It's about diving. And cats.

Me diving

Tuesday, September 22, 2020

Road Trip: Red Castle Lake

Our hike began at the China Meadows Trailhead, which was, according to Google, about an hour and a half from Evanston.  We wanted to be there by 9, so we left the hotel at 7:30.  Rob punched the location into his navigation system and it confirmed that it was about an hour and a half away.  Over an hour later, after we were well onto a dirt road that was getting more and more dirt-like and less and less road-like, and as the ETA got later and later, I discovered that his navigation system had routed us differently than google.  Hmmm.  I punched it into google, and it said that at this point there was like a one minute difference between turning back and continuing on the route the car had chosen for us.  So we kept going.  That was a big mistake.  

Soon we crossed into national forest land, and encountered cows along the side of the road.  It was pretty deserted, but we occasionally passed a pickup truck with a trailer off of the road.  I think people were camping there to hunt.  Then the road deteriorated to the point that the meadow alongside of us looked like a better route than the road;  and there were quite a few tire tracks through the meadow.  So we left the road and drove through the meadow, until the road became more passable.  Shortly after we returned to the road, there was a short section that was VERY rocky and went steeply up.  I was not sure we could make it up it, and less sure what we would find once we did make it up.  Rob got out and walked up to the top and decided we probably could make it up but wasn't sure what was yet to come.  So at this point, we decided to turn back.  

Rob was pretty annoyed (at me?) and was sure that we wouldn't be able to make the hike today, at all.  By my calculation, we would still make it to the trailhead by 10, and with an approximately 5 hour hike, I thought this was fine.  I was a bit worried about the car having enough charge to get us to the trailhead and then back to Evanston at the end of the trip.  We headed back and figured we would come up with a "rock bottom" charge for the car when we got to the correct turnoff (the one that Google recommends, and that the Forest Service recommends :P).  That turn puts you on a road that the forest service refers to as an "oil and gravel road".  I wasn't sure what that was, but it sounded better than driving through a meadow.  The road was bumpy and got bumpier but other than that, it was just fine.  We managed to get to the trailhead with a few percent more battery left than our rock bottom (and the last 30 minutes were uphill, so I figured the drive out would be easy) a few minutes before 10:00.  Phew.

Based on what I'd read, the route was somewhere between 9 and 12 miles (with 10 miles seeming most likely) with about 1500 ft of elevation gain.  But it starts at nearly 9000 feet, which I found difficult.  The trail is very well maintained.  There are many points where you have to walk across small streams or muddy areas, but they all had nice rock trails across them.  There were one or two crossings that I found tricky, but I am generally a very big wimp about balancing myself on rocks.  The first 8 o 8.5 miles slope up very gradually, at most 100 feet per mile, and then there is a one mile section of switchbacks where you probably cover like 500 feet.  The switchbacks were a bit exhausting (especially at that altitude and that far into the hike) but nicely maintained and overall very civilized :)   I found the hike to be very tiring (due to the altitude, I think) and my feet were killing me (I really need new hiking boots -- any serious hike results in a HUGE blister on one of my heels -- like 2 inches in diameter!) but I would not describe it as "hard".  But I did just want to get the hell out of my pack by the time we got to the lake :P  Rob's legs were destroyed about 6 or 7 miles in; I think his pack was too heavy due to his camera gear.  We probably should have load balanced better.  At some point I looked back and saw that Rob had acquired a walking stick.  It was a very nice-looking, sturdy stick.  I'm not sure Rob would have made it the rest of the hike without his stick to lean on :P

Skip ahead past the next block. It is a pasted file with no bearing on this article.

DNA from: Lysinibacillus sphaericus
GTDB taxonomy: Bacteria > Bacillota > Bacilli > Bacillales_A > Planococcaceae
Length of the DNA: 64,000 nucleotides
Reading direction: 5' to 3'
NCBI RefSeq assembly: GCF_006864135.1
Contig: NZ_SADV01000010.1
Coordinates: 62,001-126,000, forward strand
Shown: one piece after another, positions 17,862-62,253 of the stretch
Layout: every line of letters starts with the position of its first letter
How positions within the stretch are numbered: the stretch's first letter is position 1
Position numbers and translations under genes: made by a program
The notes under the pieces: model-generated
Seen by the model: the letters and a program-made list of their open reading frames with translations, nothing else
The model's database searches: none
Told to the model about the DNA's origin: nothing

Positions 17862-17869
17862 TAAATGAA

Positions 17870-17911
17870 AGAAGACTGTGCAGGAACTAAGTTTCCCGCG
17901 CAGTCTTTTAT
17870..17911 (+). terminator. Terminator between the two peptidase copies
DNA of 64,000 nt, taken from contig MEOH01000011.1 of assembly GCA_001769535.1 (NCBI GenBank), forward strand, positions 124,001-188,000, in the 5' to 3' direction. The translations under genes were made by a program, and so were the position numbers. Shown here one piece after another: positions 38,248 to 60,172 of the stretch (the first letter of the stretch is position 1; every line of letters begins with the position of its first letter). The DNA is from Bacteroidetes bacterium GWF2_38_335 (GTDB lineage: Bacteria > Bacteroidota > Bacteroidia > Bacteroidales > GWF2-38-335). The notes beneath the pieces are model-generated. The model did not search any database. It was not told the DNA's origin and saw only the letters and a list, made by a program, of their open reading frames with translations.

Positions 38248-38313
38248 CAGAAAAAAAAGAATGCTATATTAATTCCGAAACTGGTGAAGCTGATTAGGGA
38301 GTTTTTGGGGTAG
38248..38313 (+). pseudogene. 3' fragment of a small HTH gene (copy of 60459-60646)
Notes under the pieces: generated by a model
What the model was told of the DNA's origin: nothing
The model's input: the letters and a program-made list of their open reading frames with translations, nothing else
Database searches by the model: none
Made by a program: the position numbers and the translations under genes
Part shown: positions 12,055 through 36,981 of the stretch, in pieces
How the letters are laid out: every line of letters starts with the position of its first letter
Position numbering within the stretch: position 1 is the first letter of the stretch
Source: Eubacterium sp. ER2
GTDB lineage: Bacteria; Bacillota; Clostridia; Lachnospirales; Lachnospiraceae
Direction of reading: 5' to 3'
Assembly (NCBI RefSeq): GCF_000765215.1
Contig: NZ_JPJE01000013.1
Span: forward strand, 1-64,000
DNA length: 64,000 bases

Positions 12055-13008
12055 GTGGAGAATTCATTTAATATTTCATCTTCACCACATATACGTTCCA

A lot of the hike was along a stream, and most of it was shady.  There seem to be differing opinions on the level of shade in the reviews that I've read.  There are sections out of the shade but they didn't seem to last longer than 5 or 10 minutes.  It was probably low 50s when we left and high 50s by the hottest part of the day, so the weather was perfect for being able to wear a lightweight long-sleeve shirt and not have to worry about sunburn.

Anyway, a couple of useful tips for the hike.  

- If you don't want to do the whole hike in in one day, there is an area about 7 miles in right near a bridge that goes over the stream (creek? river?) which has good access to water and lots of flat spots that look like good places to pitch a tent.